Press

STOA Art Gallery
May 2012
Masculino Plural Catalogue
Before contemplating the works of Gonzalo, we recall the accurate words of Freedberg : “We feel a vague fear of the creative capacity of the artist (…) to the power of the images he created and with the uncanny ability of such images that both elevate and disturb us. We come to truths about ourselves in a way that is possible only as described as magic or seduced as if by witchcraft” *. This is the case in ‘Desierto de la Muerte’, an explosive glow that attracts, and at the same time, disorients the contrasting trees killed by devastating human action, with the hopeful flutter of birds and a fluorescent light in true Pop-Art style.

Gonzalo often uses undulating moving lines with a sense of “non finito”, that come close to kinetic art and even the “Minimal Art” form. But rather they are a colorful “Ariadne’s Thread” shining like vital beacons. In ‘Volando Solo’ and ‘Volando Juntos’ both are successfully associated with Pop-Art and Pointillism, achieving greatness on a small scale. There is much lyricism in his painting, as if he had lived in the Quattrocento, which we would classify along with Martin Gonzalez, among poetic painters. And a lot of ecology, as if his works is a hymn to nature so beautiful that makes them ideal scenarios to shoot a new “Fratello Sole, Sorella Luna”. C.A.

* “The Power of Images” David Freedberg. Page 62 Great Themes Chair. Madrid 1992

Conchi Álvarez
Commissioner

The Olive Press
April 8 2010
Cultural Battle!
New York and Madrid beware because the Axarquia is competing for cultural supremacy.
The Riogordo Galería is set to open this week and will host the work of Spanish artist Gonzalo Cores Gomendio – who has showcased in the Big Apple and the Spanish capital.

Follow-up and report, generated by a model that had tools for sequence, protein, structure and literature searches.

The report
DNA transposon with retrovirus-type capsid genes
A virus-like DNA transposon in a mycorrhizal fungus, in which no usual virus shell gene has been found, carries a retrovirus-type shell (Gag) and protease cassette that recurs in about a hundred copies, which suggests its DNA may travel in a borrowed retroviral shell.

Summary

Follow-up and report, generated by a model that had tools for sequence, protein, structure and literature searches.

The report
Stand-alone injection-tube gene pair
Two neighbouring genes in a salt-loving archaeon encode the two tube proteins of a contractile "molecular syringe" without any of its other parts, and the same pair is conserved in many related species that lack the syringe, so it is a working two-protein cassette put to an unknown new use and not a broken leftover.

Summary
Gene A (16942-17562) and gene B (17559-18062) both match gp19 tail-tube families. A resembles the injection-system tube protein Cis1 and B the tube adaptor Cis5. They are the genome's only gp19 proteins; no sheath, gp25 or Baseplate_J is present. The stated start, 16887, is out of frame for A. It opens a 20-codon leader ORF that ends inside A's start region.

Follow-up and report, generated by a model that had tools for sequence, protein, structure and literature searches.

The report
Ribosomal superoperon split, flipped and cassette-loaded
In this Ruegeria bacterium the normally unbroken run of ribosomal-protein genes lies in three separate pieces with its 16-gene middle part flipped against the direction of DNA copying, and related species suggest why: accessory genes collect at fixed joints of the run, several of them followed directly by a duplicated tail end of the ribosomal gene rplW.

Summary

Gonzalo’s 2000-euro canvas, Mandala, will take pride of place in the gallery. Gallery owner Ken Church admitted: “I was delighted when Gonzalo agreed to show some of his work. He has had successful exhibitions in New York and Madrid. So I think it is fair to say that Riogordo is competing in the art world,” Church quipped.

Sur en Inglés
July 2 2010
Writer: George Prior
At the age of just seven years old, Rosana Martinez de Lahidalga Englisova, has started her own art collection with a painting by local artist, Gonzalo Cores Gomendio. “She is starting her collection very early,” said the gallery owner: “Her choice of a piece of modern art cleaned out her savings, even after negotiating a good deal, but it will be worth it because Gonzalo is a superb investment. “Sergio, Rosana’s father, also bought one of his best paintings for his home in Seville,” confirms Ken.

El Cultural (ABC)
17 March 2001 Nº 477, page 5
Writer: Martín Casariego
…From astronomical to scientific look at the images from Gonzalo Cores, the artist from Madrid who has developed most of his artistic career in New York: the exhibition in the Centro Cultural Galileo in Madrid was called Trayectoria desde Nueva York. In this exhibition Cores showed some disquieting images, which bring to mind photos of galaxies or cells, in that mysterious brotherhood between the big and the small, and which makes us realize just how small we are, incapable of finishing both the small and the immense…

Revista Crítica de Arte
April 2001, Nº 159, page 13
Writer: Raul Sanz
The artist Gonzalo Cores expands his vision beyond infinity where the rational conflicts with the imagined, or dreams with consciousness. He seeks the expression of concepts through the exaltation of color. He manages to combine what he sees and what he imagines through abstract representations made up of sinuous forms of a potent dynamism which introduce the viewer to his personal imaginings. He experiments with different forms and exposes them to his own criteria, in some cases they are reduced to stains of color and in others they are distorted to translate into the art the expression of feelings and experiences.

Gonzalo Cores concentrates expressive strength on the shapes and colors and turns his paintings into autonomous realities, which, like music, express the inner needs of the artist.